His novels are notable for the personal way in which they explore questions of identity as well as the way in which they mine complex social and psychological pressures related to being black and homosexual well before the social, cultural or political equality of these groups was improved. His writing started as a way to escape his stern stepfather. James and his adoptive father had a tumultuous relationship.
When he was 17 years old, Baldwin turned away from his religion and moved to Greenwich Village, a New York City neighborhood, famous for its artists and writers. Here, he studied at The New School, finding an intellectual community within the university. Supporting himself with odd jobs, he began to write short stories, essays, and book reviews, many of which were later collected in the volume Notes of a Native Son.
During his teenage years in Harlem and Greenwich Village, Baldwin began to recognize his own homosexuality. In 1948, disillusioned by American prejudice against blacks and homosexuals, Baldwin left the United States and departed to Paris, France. His flight was not just a desire to distance himself from American prejudice. He fled in order to see himself and his writing beyond an African American context and to be read as not "merely a Negro; or, even, merely a Negro writer". Also, he left the United States desiring to come to terms with his sexual ambivalence and flee the hopelessness that many young African American men like himself succumbed to in New York.
In 1953, Baldwin's first novel, Go Tell It on the Mountain, an autobiographical bildungsroman, was published. Baldwin's first collection of essays, Notes of a Native Son appeared two years later. Baldwin continued to experiment with literary forms throughout his career, publishing poetry and plays as well as the fiction and essays for which he was known.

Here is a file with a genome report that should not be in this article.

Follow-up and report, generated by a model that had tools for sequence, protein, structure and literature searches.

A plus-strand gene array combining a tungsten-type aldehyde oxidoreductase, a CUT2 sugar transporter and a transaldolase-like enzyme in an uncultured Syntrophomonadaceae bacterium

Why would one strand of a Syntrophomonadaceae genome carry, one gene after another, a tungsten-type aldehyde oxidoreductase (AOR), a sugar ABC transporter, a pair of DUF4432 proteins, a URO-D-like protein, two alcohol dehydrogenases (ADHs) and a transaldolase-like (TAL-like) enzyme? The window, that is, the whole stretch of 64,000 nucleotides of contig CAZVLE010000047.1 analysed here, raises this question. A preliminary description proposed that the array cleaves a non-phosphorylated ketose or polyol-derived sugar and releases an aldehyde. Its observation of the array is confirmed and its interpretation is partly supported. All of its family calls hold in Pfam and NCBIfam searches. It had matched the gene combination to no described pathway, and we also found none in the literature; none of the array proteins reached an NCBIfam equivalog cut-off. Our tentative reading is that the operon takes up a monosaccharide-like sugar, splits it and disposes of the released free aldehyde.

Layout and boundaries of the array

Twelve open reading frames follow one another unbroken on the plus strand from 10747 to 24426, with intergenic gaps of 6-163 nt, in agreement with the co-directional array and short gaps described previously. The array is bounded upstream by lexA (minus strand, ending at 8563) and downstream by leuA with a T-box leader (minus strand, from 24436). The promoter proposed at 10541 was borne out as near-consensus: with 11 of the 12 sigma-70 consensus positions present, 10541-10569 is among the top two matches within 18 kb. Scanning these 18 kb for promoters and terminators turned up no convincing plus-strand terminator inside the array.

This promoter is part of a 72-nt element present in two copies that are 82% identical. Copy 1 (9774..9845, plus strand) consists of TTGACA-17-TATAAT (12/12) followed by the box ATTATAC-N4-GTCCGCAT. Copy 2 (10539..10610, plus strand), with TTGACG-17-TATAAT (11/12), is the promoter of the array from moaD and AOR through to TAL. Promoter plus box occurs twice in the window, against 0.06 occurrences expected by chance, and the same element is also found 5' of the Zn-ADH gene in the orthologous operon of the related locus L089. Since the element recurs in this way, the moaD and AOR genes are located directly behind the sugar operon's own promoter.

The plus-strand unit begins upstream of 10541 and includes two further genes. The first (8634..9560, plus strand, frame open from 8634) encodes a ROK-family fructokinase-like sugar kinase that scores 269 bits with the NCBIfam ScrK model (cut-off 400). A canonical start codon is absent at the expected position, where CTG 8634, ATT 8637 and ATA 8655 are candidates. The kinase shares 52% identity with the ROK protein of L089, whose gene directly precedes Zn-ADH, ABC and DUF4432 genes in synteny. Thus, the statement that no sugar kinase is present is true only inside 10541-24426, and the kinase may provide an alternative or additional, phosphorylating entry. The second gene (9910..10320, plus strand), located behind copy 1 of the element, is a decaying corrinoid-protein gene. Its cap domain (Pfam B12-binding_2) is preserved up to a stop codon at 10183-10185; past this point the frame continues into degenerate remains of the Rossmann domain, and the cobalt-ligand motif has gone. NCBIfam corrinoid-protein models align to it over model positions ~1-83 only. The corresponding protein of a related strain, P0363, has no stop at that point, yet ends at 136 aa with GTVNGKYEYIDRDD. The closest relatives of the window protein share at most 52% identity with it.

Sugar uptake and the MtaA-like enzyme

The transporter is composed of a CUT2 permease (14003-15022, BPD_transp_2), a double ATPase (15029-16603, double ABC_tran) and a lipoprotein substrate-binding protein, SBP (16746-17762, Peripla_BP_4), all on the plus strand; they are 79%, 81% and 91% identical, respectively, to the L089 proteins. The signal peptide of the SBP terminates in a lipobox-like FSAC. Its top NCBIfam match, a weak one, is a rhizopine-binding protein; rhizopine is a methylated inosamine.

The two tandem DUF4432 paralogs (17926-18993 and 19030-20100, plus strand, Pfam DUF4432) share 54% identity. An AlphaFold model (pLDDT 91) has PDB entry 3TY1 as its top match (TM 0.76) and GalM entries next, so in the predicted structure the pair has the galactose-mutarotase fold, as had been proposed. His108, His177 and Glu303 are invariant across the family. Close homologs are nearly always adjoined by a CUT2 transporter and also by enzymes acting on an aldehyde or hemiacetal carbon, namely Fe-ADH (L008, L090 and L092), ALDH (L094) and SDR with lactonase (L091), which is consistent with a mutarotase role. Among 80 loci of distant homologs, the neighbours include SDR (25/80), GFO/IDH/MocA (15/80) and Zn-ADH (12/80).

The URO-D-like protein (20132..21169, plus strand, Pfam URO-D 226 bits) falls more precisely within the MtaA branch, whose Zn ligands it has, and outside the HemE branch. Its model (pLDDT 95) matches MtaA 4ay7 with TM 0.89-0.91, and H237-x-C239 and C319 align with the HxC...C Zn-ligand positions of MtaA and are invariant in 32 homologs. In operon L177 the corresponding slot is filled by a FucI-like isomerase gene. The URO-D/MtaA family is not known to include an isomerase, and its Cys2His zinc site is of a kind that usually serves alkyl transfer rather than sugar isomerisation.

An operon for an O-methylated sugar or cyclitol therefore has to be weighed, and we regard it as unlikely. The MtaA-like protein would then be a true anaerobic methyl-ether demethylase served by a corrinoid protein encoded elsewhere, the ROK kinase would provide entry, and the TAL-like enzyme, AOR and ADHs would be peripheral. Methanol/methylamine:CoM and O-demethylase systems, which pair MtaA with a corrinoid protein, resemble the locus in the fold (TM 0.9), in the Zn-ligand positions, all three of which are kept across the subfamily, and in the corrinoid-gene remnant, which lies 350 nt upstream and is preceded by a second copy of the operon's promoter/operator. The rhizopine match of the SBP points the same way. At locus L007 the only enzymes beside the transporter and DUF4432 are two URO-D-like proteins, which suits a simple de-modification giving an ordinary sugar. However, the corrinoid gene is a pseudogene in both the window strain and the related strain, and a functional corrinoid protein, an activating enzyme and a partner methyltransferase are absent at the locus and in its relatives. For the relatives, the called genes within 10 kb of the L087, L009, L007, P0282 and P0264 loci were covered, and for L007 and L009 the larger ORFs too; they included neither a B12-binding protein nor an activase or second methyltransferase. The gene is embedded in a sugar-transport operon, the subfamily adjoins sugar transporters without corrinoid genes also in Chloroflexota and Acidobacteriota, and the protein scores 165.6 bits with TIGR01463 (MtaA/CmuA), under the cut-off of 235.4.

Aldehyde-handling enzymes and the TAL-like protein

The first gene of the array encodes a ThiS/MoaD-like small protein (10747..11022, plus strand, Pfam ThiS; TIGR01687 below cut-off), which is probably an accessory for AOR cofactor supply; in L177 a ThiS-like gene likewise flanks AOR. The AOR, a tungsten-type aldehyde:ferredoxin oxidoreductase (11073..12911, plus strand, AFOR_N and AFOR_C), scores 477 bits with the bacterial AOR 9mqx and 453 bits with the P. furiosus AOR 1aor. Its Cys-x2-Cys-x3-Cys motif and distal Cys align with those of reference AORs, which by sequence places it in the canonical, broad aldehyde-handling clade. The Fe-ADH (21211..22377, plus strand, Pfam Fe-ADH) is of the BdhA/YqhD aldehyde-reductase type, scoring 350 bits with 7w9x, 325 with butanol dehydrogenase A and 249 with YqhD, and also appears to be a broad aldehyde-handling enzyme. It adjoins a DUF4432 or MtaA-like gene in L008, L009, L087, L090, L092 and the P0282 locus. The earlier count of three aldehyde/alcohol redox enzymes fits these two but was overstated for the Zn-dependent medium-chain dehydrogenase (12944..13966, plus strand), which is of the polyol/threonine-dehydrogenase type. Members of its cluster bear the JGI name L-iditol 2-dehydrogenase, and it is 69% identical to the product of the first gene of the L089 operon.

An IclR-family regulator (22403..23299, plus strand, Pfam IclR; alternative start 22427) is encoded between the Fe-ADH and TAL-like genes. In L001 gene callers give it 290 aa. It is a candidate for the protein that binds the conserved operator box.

Baldwin's second novel, Giovanni's Room, stirred controversy when it was first published in 1956 due to its explicit homoerotic content. Baldwin was again resisting labels with the publication of this work: despite the reading public's expectations that he would publish works dealing with the African American experience, Giovanni's Room is exclusively about white characters. Baldwin's next two novels, Another Country and Tell Me How Long the Train's Been Gone, are sprawling, experimental works dealing with black and white characters and with heterosexual, homosexual, and bisexual characters. These novels struggle to contain the turbulence of the 1960s: they are saturated with a sense of violent unrest and outrage.
Baldwin also made a prominent appearance at the Civil Rights March on Washington, D.C. on August 28th, 1963 along with long time friends Harry Belafonte, Sidney Poitier, and Marlon Brando. Baldwin was a close friend of the singer, pianist and civil rights activist Nina Simone. Together with Langston Hughes and Lorraine Hansberry, Baldwin is responsible for making Simone aware of the civil rights movement that was forming at that time to fight racial inequality. He also provided her with literary references that influenced her later work.
The more we know, the taller we stand...
*Taken from Wikipedia
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